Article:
The Mariners returned some speed to their roster Monday, recalling outfielder James Jones from Class AAA Tacoma. Jones takes the place of Erasmo Ramirez, who was optioned to Tacoma after the game Sunday.
With three important games against the Blue Jays, followed by a series at Detroit and an interleague series at Philadelphia where the Mariners have to play by National League rules, Jones’ speed and athleticism could be a useful weapon for manager Lloyd McClendon.
“He can do a lot of things on defense and he can steal a base,” McClendon said. “He can steal a base when you know he’s going to steal a base. I thought that’s an important ingredient. That might help us win a ballgame. He certainly can roam the outfield and play some defense.”
With Austin Jackson now entrenched in center field, Jones will play the corner outfield positions. That shouldn’t be a problem because he played the corner outfield spots coming up the minor leagues. The conversion to center field happened in the past two seasons.
- Seattle fifth-graders will get their camp trip, but teachers refuse to go
- Designed in Seattle, this $1 cup could save millions of babies
- Five things to watch as Seahawks begin OTAs Monday
- Ivar’s looks to sell, lease back two venerable restaurant sites
- What the national media are saying about Robinson Cano and the Mariners' hot start to the season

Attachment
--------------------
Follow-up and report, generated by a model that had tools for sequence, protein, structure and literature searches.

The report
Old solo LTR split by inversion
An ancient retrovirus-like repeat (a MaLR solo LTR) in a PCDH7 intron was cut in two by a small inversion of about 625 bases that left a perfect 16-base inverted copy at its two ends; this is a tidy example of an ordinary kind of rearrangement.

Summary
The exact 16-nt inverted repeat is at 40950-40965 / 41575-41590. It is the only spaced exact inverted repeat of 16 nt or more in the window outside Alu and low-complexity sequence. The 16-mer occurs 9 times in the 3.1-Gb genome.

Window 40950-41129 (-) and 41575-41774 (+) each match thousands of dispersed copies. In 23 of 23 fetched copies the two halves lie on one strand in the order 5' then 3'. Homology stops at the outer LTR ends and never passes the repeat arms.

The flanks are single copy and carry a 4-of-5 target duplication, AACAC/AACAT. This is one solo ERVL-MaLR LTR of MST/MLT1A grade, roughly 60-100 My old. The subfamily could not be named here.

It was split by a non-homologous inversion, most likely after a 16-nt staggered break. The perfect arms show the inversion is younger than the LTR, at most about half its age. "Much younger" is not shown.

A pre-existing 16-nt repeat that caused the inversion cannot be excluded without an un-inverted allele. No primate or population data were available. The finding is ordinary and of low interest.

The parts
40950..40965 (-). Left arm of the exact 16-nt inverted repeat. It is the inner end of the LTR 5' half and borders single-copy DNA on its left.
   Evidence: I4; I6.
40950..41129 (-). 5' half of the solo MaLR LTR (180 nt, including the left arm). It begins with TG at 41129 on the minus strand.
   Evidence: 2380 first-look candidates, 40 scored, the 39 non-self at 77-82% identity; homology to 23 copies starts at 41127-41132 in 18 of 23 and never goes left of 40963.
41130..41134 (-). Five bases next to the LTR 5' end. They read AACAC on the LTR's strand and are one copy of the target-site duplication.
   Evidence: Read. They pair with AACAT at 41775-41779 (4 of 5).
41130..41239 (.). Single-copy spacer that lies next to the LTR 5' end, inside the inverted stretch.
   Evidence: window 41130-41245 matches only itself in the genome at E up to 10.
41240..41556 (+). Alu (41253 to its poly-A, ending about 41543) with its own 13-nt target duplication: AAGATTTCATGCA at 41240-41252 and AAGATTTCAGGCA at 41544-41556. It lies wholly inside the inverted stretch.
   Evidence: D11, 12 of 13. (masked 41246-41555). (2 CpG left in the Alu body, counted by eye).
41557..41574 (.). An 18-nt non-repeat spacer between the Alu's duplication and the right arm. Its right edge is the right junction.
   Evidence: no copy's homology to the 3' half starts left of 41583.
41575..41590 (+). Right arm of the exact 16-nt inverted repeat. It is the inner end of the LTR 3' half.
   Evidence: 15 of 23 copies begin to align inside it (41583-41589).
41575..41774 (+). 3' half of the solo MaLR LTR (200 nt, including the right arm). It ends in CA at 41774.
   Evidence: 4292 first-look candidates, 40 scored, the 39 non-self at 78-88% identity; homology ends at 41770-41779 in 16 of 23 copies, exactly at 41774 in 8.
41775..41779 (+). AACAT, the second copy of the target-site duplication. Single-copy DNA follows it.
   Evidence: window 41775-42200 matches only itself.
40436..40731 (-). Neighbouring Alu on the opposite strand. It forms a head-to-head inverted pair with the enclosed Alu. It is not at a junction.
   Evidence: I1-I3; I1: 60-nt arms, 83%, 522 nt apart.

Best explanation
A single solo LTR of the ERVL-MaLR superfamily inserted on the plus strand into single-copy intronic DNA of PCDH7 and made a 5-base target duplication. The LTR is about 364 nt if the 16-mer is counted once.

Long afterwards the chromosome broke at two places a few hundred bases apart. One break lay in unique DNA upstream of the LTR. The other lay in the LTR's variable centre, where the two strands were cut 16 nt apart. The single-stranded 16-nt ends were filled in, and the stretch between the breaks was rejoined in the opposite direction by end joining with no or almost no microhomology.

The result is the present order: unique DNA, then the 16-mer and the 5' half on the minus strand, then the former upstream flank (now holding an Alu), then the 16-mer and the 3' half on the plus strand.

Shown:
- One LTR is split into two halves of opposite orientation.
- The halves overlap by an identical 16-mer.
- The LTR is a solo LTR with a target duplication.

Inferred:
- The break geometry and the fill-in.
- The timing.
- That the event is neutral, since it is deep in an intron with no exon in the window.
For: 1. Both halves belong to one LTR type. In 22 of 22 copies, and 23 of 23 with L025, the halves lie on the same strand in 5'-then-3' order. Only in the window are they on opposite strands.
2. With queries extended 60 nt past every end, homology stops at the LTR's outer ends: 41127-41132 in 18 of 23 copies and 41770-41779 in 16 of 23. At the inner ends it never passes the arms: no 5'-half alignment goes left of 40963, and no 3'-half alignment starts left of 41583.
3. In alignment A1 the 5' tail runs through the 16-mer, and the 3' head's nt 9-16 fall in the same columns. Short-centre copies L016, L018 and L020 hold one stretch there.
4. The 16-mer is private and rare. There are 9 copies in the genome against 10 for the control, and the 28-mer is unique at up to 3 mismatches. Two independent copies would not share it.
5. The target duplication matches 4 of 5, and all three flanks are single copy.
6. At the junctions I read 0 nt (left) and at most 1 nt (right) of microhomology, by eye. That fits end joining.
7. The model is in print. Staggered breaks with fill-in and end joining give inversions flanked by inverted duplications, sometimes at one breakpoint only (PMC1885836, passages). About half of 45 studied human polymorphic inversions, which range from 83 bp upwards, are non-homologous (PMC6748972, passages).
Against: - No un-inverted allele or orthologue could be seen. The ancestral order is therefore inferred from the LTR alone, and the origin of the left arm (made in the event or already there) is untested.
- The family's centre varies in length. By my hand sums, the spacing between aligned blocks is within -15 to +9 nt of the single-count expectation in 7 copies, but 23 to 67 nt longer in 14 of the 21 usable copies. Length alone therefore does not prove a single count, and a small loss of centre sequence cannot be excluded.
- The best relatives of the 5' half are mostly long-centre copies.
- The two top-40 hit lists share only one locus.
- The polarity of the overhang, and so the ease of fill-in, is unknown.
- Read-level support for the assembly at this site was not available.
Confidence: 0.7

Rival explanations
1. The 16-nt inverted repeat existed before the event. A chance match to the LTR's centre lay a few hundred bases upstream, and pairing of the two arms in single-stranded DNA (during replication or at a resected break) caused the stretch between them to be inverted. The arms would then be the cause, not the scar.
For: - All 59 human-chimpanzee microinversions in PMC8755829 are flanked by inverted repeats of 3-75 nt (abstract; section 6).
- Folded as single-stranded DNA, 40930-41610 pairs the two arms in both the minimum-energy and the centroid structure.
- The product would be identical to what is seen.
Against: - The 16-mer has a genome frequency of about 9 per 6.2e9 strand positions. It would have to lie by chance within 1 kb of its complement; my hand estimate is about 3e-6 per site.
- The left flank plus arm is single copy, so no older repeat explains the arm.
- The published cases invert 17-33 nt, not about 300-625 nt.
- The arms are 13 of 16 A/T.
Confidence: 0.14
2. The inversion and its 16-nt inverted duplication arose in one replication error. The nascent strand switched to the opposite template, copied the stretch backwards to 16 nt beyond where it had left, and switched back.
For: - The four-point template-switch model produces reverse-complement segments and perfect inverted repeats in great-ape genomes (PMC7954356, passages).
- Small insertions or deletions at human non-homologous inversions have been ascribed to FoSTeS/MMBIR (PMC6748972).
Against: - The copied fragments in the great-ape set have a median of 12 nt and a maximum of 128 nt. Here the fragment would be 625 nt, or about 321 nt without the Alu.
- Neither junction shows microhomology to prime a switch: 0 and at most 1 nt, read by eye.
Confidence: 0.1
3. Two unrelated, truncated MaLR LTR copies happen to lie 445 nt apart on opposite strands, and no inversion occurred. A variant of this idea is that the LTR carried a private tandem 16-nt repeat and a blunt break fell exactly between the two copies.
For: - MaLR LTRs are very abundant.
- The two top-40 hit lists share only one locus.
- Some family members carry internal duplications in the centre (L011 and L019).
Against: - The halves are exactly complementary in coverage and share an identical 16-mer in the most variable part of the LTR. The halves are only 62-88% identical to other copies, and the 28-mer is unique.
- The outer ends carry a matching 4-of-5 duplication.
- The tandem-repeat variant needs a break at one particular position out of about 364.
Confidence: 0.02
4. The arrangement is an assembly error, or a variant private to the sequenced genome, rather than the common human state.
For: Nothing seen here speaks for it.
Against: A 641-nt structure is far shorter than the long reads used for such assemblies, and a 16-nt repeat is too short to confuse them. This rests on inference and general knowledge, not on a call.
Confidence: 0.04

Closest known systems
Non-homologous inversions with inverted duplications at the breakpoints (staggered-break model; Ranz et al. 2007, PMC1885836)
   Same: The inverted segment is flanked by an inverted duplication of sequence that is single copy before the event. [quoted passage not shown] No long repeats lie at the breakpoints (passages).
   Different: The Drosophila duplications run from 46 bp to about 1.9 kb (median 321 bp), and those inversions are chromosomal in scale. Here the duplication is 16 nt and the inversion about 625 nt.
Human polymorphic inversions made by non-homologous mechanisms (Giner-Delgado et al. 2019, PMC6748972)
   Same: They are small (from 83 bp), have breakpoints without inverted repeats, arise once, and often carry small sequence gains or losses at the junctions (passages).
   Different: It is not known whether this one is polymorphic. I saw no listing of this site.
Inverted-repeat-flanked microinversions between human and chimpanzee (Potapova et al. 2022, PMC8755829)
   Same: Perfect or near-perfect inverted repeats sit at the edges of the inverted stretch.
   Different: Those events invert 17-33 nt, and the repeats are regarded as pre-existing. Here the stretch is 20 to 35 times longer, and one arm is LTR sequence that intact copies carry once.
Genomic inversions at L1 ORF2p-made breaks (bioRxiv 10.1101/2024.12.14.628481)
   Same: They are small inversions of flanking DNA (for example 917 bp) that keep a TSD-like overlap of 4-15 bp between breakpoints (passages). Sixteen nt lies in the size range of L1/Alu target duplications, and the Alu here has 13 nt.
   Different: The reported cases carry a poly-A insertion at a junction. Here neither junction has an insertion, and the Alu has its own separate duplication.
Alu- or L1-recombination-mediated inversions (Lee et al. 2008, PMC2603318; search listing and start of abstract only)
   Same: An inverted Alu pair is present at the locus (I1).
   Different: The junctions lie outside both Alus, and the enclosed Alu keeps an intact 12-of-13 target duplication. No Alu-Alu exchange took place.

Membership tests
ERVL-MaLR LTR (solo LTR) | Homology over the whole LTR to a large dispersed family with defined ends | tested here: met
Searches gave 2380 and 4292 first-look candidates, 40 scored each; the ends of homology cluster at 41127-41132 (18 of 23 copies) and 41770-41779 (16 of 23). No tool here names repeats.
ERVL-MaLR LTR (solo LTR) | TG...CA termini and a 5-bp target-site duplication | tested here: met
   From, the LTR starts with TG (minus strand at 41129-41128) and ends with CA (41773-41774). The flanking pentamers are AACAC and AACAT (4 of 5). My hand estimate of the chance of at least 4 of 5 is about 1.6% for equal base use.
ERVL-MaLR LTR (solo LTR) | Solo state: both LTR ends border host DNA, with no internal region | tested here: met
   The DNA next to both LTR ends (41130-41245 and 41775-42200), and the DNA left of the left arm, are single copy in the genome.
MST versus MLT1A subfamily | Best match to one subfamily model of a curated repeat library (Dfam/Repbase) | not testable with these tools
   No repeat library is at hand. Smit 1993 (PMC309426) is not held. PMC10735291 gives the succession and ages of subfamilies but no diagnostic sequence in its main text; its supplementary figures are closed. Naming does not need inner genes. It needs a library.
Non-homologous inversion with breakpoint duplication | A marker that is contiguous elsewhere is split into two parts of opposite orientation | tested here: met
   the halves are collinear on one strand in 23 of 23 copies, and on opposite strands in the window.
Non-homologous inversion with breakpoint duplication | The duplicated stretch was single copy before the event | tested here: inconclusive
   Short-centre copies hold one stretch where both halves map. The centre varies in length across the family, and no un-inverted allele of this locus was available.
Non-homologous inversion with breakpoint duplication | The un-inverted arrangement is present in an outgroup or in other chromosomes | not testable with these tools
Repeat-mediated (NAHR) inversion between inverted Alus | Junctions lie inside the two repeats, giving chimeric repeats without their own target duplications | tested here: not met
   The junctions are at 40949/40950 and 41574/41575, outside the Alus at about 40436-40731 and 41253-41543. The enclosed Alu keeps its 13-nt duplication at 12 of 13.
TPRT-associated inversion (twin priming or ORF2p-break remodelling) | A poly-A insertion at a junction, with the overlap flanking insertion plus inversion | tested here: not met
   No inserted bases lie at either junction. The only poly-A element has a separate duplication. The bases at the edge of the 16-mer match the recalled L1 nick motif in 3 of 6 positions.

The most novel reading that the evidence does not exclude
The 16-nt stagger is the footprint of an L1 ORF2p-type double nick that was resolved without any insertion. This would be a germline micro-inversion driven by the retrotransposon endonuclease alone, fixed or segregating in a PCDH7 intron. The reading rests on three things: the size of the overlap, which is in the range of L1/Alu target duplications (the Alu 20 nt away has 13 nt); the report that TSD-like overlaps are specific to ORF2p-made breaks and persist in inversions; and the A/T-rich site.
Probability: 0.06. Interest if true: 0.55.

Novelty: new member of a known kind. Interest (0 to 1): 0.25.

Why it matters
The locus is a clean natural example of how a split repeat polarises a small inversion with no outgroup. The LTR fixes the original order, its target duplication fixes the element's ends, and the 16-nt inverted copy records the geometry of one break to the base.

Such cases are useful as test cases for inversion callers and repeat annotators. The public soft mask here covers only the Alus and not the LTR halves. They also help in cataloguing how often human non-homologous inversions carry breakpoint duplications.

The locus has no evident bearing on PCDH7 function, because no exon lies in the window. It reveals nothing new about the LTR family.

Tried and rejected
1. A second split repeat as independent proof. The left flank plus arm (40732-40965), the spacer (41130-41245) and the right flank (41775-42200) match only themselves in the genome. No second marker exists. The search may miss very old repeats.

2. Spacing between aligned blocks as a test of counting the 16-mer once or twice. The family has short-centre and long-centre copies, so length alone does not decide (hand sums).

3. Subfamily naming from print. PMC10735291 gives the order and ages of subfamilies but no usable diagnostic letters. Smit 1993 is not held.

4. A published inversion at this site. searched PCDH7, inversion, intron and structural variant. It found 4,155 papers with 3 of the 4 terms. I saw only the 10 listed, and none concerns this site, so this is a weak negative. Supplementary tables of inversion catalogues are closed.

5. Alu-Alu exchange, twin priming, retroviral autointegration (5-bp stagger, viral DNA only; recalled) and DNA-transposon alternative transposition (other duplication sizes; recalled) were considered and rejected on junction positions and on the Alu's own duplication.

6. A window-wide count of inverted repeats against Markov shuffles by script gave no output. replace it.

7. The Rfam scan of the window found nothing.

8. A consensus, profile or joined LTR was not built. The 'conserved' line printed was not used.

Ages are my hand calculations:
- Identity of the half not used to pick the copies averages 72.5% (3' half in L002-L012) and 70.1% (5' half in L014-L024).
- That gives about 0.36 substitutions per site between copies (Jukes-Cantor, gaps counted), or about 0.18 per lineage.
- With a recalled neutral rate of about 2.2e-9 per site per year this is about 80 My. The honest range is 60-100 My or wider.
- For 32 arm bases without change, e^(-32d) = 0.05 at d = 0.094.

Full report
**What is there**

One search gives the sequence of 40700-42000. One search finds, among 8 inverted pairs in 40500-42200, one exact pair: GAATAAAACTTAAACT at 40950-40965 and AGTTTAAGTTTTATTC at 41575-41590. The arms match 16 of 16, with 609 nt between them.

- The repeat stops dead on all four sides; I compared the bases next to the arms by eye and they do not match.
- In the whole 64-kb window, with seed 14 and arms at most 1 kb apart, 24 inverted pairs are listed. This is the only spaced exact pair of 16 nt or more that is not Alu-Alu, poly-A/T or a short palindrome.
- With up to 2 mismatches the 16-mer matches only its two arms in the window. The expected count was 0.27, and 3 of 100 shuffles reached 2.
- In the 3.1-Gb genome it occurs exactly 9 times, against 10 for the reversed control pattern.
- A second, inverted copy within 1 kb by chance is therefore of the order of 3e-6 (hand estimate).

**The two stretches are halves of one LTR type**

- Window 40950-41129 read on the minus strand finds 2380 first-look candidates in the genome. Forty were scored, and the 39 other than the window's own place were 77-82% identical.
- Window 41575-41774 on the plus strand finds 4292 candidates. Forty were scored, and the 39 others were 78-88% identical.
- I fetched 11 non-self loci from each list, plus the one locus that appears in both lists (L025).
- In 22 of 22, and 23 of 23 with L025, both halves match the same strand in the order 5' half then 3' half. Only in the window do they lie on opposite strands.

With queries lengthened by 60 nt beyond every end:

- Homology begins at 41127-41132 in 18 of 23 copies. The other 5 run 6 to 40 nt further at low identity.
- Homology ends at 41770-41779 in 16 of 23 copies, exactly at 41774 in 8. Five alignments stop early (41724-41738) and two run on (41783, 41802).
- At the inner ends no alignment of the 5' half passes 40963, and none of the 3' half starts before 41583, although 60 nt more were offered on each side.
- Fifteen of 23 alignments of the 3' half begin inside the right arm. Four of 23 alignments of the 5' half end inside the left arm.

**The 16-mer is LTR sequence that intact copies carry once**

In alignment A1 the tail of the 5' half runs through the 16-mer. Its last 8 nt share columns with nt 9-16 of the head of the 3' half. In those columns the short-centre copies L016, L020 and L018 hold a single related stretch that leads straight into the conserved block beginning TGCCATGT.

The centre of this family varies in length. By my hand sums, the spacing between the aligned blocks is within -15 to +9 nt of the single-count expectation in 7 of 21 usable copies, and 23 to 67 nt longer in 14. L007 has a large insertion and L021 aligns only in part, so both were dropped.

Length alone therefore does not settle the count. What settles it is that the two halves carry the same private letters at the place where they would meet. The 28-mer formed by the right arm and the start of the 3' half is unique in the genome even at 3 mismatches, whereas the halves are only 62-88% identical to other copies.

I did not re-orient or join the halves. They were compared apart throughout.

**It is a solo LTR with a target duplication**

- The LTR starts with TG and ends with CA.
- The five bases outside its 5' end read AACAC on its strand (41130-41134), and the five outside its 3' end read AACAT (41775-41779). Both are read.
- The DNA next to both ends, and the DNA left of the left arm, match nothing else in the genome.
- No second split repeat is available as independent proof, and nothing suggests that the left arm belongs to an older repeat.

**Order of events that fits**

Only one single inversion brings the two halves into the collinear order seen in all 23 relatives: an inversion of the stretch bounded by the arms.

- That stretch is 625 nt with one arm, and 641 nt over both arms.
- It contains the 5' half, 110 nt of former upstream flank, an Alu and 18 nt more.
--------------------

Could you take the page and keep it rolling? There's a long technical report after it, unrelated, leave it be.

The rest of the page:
Most Read Stories
How will McClendon handle the five outfielders?
“I’m not going to rotate anyone,” he said. “I’m going to play the guys that I play and James will fit in the defensive side of things and late in the games he can steal a base for us. But I doubt if he gets a lot of playing time.”
Jones was struggling when he was sent down to Tacoma. He was hitting .073 with 16 strikeouts in his last 12 games.
Jones used his time in Tacoma to start over again and refresh himself mentally and emotionally.
“It definitely gave me time to reset and draw things back,” he said. “I felt like I was pressing.”
Jones said he knows what led to his problems.
“Pitchers were just going out of the zone and I was chasing at pitches,” he said. “I know that as a hitter, you have to get a good pitch to hit and just keep it as simple as that. If I get a good pitch to hit, I’m going to put it in play and drive it. But I’m not going to do well with balls bouncing and out of the zone.”
It was his own doing and pitchers attacked it.
“I think I created that trend for me,” he said. “Early on in the season, I wasn’t chasing out of the zone. But once I started chasing, they definitely fed into it. And if they get me out that way, they aren’t going to change. They see it as, ‘Why throw a strike when he’s going to swing at pitches that aren’t strikes.’ ”
• Michael Saunders’ rehab stint with Class AAA Tacoma will be put on hold for a few days as he flies home to Colorado to be with his wife as she gives birth to the couple’s second child. Saunders flew out for Denver on Monday afternoon. “He’s really close,” McClendon said of Saunders being ready to return to the Mariners. “But we’ll have to push him back a few days.”
• Brad Miller got the start at shortstop Monday night. Chris Taylor, who has unseated Miller at the position, had started the past six games and is hitting .400 (18 for 45) since being called up July 24. “He’s playing for a couple of reasons,” McClendon said of Miller. “He needs to get some at-bats. My old skipper used to say that everybody needs to feel like a hero every now and then. … But more importantly, I need to give the kid (Taylor) a (rest). He’s been going at it, and I’m sure it’s been pretty emotional for him. It’s a good chance to get him off his feet.”